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Death on the Diamond

Death on the Diamond(1934)

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  • Style of the times

    • hockeyfan
    • 8/13/13

    Just watched for the first time. This movie is what I consider to be a style of the times movie. It has all the elements of a Bowery Boys movie. It is virtually cartoon style. The acting is wooden and the characters are barely even one dimensional. This type of movie is purely a filler to keep people in the seats at the time it was released. I know that the studios used to have to pump them out and I suppose they still make them like this but with bigger budgets. I like to see both ends of the spectrum in order to know what makes this industry.

  • wrong ball park

    • Chuck
    • 8/8/13

    A bit corny, but still fun to watch. Be sure to catch the Cards and the Reds playing at Wrigley Field in the final game.

  • Memories of Sportsman's Park

    • D. J. Fone
    • 4/16/12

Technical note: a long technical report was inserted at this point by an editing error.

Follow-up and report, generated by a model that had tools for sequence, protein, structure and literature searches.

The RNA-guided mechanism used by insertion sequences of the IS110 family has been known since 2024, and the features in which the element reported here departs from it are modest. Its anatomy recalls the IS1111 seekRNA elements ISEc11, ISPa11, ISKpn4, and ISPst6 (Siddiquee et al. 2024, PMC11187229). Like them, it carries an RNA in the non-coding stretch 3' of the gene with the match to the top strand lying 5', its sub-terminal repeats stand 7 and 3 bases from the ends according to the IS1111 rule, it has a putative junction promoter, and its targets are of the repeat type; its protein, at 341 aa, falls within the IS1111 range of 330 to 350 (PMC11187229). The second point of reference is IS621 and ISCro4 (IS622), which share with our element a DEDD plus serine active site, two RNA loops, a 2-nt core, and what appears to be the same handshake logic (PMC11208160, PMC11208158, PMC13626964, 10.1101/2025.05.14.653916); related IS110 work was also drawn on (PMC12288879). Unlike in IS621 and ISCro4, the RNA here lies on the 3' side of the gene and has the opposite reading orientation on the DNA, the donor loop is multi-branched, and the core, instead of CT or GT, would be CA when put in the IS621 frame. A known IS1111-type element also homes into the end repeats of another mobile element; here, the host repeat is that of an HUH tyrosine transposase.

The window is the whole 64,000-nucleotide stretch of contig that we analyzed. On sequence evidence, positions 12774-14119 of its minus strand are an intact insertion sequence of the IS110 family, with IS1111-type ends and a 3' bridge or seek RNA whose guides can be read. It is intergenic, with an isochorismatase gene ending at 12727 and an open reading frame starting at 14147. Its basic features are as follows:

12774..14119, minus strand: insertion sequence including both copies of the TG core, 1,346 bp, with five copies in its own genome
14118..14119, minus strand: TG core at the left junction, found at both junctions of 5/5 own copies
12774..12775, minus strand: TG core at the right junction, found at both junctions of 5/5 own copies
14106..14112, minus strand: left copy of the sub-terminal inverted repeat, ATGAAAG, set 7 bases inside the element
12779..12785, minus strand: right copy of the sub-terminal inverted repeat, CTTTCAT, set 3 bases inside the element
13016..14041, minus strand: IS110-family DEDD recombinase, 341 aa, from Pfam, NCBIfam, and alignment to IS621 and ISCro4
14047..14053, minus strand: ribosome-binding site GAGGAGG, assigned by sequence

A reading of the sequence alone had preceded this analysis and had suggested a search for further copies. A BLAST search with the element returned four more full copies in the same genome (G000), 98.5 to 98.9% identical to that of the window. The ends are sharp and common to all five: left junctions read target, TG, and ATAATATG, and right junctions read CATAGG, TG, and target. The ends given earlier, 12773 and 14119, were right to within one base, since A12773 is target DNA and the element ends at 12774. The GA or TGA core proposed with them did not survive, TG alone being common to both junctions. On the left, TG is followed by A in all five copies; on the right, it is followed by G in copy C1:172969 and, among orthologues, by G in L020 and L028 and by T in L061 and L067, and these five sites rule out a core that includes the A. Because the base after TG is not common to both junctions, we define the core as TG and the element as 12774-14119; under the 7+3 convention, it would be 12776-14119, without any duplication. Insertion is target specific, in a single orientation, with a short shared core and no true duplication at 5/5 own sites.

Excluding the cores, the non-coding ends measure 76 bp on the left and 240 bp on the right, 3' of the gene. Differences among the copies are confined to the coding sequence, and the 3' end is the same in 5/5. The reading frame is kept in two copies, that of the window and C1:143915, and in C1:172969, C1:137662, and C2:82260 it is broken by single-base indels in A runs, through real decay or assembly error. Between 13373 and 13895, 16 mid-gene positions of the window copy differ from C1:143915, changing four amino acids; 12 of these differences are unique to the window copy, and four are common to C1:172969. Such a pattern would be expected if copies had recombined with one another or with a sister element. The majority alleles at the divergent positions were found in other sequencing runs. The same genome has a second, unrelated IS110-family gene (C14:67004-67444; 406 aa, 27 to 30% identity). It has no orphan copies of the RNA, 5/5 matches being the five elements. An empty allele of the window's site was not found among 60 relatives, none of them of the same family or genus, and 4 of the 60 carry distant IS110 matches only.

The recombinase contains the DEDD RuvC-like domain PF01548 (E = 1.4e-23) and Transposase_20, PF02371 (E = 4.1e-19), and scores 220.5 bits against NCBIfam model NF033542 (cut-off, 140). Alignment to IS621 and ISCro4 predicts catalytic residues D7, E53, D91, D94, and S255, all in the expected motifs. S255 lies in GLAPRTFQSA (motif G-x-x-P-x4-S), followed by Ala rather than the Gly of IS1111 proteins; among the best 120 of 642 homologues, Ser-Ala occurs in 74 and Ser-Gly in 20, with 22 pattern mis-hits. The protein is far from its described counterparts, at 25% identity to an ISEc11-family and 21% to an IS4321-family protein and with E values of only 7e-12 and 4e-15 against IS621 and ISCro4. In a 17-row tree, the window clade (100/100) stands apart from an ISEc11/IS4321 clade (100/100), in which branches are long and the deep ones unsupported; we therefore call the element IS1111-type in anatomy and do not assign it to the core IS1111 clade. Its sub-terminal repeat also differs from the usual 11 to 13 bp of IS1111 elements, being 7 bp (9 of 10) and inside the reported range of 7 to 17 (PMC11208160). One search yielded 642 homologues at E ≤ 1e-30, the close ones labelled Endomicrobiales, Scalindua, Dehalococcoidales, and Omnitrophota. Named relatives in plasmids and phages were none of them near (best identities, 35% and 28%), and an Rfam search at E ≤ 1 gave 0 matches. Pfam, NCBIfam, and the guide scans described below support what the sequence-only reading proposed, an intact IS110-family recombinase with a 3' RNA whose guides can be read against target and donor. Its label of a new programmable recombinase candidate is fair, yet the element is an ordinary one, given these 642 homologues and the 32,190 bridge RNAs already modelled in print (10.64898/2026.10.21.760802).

Having attended a dozen games at the old ballpark as a boy, it was a thrill to see it in the movie again. Yet, it really requires a major suspension of disbelief to get through the movie without laughing at some of the preposterous tropes.It was startling to see a marksman atop the right-field pavilion roof where so many later Stan Musial homers landed, ready to gun down a baserunner before he scored.And the way Robert Young sniffs out, and stops, the killer is downright side-splitting, though it was meant to be taken seriously.It's probably a good thing I never saw this film as a boy, or I'd have been a nervous wreck attending games at the old ballpark.

  • Impossibly Implausible But Still Sublime

    • Andy Moursund
    • 7/1/10

    Death on the Diamond has everything: Close-ups of the old Sportsman's Park, where the Cardinals played for 81 years; actors wearing the real Cardinals' uniforms; a plot so ridiculously contrived that it rivals Reefer Madness for its sidesplitting improbabilities---the game goes on with barely an interruption after each of three successive murders!; and an early look at Jim Anderson / Marcus Welby / Robert Young. In spite of its low budget B-movie quality, I'd rather watch this film any day over the vast majority of overly literary baseball movies of recent vintage. Unless you're expecting something along the lines of Field of Dreams, you can't help but love this movie.

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